Defining age-related immune dysfunction in lung epithelial cells

Karolina Palucka speaking at the American Cancer Society Cancer Action Network CT Forum in Farmington, December 1, 2022 at JAX. Photo by Cloe Poisson.The Jackson Laboratory's Karolina Palucka speaking at the American Cancer Society Cancer Action Network CT Forum in Farmington, December 1, 2022 at JAX. Photo by Cloe Poisson.

With $13 million in renewed support, Karolina Palucka, M.D., Ph.D., will further study how aging affects airway epithelial cells’ efficiency in combating viral infections, with the potential for identifying new targets for preventative interventions in older populations.

Investigating the lungs’ first line of defense

Covering the surface of the respiratory tract, airway epithelial cells protect the lungs from potentially harmful inhaled substances, including respiratory viruses such as influenza and SARS-CoV-2. As seen each flu season and globally during the COVID-19 pandemic, individuals over the age of 65 are particularly susceptible to viral infections. While it is apparent that the innate and adaptive immune systems in the aging population change over time, exactly what occurs, especially in lung-tissue-residing immune cells, is not well understood. As the first site where respiratory viruses infect and replicate, it is critical to understand more about how airway epithelial cells operate and affect other cells in the lung environment.

Professor and Director of The Jackson Laboratory’s NCI-designated basic research Cancer Center, Karolina Palucka, M.D., Ph.D., specializes in human immunology. Initially supported by an $11 million National Institute of Allergy and Infectious Diseases grant within the Cooperative Centers on Human Immunology program in 2019, Palucka led a multidisciplinary team in investigating how airway epithelial cells and the lung microbiome play a role in the immune response to viral infection. Now, with $13 million in renewed support, she and her colleagues will explore antiviral responses and age-related changes in lung epithelial cells.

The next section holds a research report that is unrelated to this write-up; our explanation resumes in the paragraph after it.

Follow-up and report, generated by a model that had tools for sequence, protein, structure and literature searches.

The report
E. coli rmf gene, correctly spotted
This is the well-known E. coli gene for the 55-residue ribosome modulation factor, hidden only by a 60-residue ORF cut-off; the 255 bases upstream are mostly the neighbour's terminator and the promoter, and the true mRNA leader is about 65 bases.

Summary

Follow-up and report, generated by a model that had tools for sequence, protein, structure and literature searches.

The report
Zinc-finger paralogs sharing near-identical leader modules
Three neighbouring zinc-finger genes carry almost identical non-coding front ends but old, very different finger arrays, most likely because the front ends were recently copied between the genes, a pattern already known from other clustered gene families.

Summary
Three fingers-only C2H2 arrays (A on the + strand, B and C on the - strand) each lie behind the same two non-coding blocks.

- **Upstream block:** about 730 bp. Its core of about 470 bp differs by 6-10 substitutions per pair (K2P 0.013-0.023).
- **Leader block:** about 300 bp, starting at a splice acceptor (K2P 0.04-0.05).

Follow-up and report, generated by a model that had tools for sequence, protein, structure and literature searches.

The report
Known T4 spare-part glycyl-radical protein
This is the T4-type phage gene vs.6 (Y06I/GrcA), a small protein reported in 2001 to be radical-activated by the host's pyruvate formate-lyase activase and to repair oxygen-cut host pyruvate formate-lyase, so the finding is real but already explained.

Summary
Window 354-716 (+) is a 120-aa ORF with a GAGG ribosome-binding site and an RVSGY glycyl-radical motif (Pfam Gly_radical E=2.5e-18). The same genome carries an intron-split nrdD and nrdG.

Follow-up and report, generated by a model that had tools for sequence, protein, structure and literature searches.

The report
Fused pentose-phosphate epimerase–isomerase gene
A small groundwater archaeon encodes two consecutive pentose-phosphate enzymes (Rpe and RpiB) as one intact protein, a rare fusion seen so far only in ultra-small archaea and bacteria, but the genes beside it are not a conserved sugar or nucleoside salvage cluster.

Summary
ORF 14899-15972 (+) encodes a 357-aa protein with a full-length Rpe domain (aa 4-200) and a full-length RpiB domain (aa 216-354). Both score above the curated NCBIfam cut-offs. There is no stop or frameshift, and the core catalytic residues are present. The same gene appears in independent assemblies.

The researchers will utilize air-liquid-interface (ALI) cultures to study how airway epithelial cells respond to pathogenic viruses, as well as what cross-talk occurs between other host immune cells and lung-residing microbes when combating infection. Using ALI cultures will allow the team to analyze the specific genes, pathways, transcriptional responses, epigenetic factors and RNA modifications driving the molecular mechanisms of both normal immune responses and the changes that occur in the lung epithelial cells of older adults. This work will potentially identify new targets or approaches to prevent severe viral infections. Furthermore, by elucidating the mechanisms driving aging-associated inflammation, Palucka’s findings might provide further insights into the biology of lung cancer.